In one form of pay-television that has previously been developed and employed, a scrambled television program is transmitted which could be viewed at a normally idle channel in the VHF band only as a scrambled and thus incomprehensible picture. The subscriber-viewers are each provided with a coin-operated device coupled between the receiving antenna and the television receiver which, upon the insertion of a specified coin, unscrambled the video and/or audio portion of the program for a specified time, to thereby enable the subscriber to view an unscrambled television program for that time. After the expiration of that time period, the received television picture would once again become scrambled until the subscriber inserted another coin into the unscrambler device.

This approach to pay television broadcasting has thus far met with only limited acceptance, largely as a result of the need for the system proprietor to periodically collect the coins from each subscriber's unscrambler device, and the inability of the proprietor to charge the subscribers different prices for the privilege of viewing different programs. For example, the system proprietor may reasonably wish to charge the subscribers a higher, premium rate for the privilege of viewing a first-run film that has received critical acclaim, or an important sports event, such as a championship boxing match, as compared to a second-run movie or sports event of only marginal interest.

Operators of the earlier scrambling pay-television systems, and operators of the more commonly available cable-television and CATV systems as well, are generally unable to differentiate in the rates charged to their subscriber-viewers for the privilege of watching programs of more than usual interest. In addition, the conventional, coin-operated unscrambling system could be operated only for fixed time periods for each coin deposited. This period often expired before the completion of the program, at which time the subscriber had to hunt for and insert an additional coin in the unscrambler to enable him to view the remainder of the program. This need is at least an annoyance to the viewer as it created a temporary interruption in his viewing, and may be a more serious irritation if the viewer could not find an additional coin in time to view the remainder of the program.

It is an object of the present invention to provide an improved program unscrambler or decoding device for use in a television communications system which does not require the use of a coin-operated device.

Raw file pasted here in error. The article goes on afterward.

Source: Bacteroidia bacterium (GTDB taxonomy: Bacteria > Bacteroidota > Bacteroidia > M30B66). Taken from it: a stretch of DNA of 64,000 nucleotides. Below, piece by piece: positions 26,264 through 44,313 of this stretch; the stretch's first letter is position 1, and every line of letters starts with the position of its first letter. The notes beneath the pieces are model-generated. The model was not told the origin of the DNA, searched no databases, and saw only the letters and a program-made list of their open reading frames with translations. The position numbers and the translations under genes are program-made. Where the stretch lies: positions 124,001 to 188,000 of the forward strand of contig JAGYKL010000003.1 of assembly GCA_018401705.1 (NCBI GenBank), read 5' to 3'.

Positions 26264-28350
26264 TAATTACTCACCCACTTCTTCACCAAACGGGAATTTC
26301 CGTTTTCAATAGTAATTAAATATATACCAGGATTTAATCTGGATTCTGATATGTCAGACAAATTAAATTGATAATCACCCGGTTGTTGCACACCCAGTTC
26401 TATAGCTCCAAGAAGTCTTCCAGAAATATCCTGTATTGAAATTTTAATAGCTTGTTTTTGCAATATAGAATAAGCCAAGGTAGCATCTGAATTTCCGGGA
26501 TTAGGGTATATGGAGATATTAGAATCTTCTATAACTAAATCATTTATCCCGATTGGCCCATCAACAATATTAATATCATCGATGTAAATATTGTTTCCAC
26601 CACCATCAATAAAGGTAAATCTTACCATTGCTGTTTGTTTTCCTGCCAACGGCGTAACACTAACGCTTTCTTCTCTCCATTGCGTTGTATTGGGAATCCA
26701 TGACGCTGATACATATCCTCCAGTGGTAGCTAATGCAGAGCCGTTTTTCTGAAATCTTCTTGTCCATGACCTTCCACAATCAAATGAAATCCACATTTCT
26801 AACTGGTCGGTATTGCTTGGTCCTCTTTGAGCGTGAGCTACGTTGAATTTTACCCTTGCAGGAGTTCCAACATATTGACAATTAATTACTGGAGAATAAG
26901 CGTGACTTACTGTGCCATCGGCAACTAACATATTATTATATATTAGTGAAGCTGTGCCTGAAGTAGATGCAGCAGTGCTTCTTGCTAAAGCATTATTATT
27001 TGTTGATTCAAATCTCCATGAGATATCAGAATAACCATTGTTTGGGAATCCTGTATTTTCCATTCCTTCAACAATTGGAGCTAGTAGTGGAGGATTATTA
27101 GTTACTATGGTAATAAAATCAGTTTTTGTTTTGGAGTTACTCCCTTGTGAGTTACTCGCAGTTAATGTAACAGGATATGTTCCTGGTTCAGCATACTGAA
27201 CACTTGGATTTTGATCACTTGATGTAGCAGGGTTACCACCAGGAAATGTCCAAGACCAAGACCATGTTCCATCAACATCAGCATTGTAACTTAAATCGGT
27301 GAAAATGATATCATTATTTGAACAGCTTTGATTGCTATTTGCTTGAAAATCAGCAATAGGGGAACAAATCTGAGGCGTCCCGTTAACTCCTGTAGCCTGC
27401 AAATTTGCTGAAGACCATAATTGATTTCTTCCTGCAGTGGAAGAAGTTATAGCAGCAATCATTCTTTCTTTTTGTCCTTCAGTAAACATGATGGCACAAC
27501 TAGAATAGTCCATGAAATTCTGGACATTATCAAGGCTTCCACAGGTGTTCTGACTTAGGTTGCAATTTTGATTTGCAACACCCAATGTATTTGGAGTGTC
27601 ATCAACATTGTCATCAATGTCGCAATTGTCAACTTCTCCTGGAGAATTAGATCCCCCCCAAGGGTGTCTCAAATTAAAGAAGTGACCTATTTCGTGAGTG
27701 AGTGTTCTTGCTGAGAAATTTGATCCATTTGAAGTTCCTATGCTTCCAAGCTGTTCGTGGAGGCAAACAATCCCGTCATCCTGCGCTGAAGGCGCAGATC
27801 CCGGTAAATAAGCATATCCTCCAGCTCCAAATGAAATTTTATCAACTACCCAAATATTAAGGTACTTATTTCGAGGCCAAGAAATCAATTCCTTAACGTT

It is a further object of the invention to provide a television broadcast system of the type described in which the subscriber-viewer may be charged different rates for the privilege of viewing programs having different levels of interest.

It is another object of the invention to provide a television system of the type described in which the subscriber may purchase tickets for viewing certain programs in his home, much in the manner in which he would purchase tickets at a movie house or a theatre.

In accordance with the invention, a television signal is scrambled at a transmitter and transmitted in scrambled form to a receiver. The latter includes means for unscrambling the received television signal which operates in response to the use of a program select ticket which the subscriber has previously acquired. The ticket contains a conducting area which, in conjunction with a network in the unscrambler or decoder, produces an enabling signal. That signal operates an unscrambling circuit which in turn unscrambles the received television signal. The thus unscrambled signal can be viewed on a selected channel, preferably one that is not in general use for television reception, of a conventional television receiver.

In one embodiment of the invention herein described, the vertical sync pulse is removed from the transmitted signal with the result that the received television signal cannot be properly synchronized and is thus incomprehensible. At the receiver, an unscramble-enabling signal, generated upon the use of the program select ticket, restores a synchronizing pulse to the received television signal, and the resulting reconstructed television signal can be viewed at the television receiver.

In another embodiment of the invention herein described, an interference signal is applied along with the video to a variable attenuator which attenuates the video signal by an amount corresponding to the instantaneous value of the interference signal. The thus scrambled signal is transmitted to the receiver at which the interference signal is detected and inverted upon the production of an enabling signal when the program select ticket is employed as described above. The inverted interference signal is applied to a variable attenuator which produces a reverse attenuation on the once-attenuated video signal, to thereby restore the video signal to its original unscrambled form.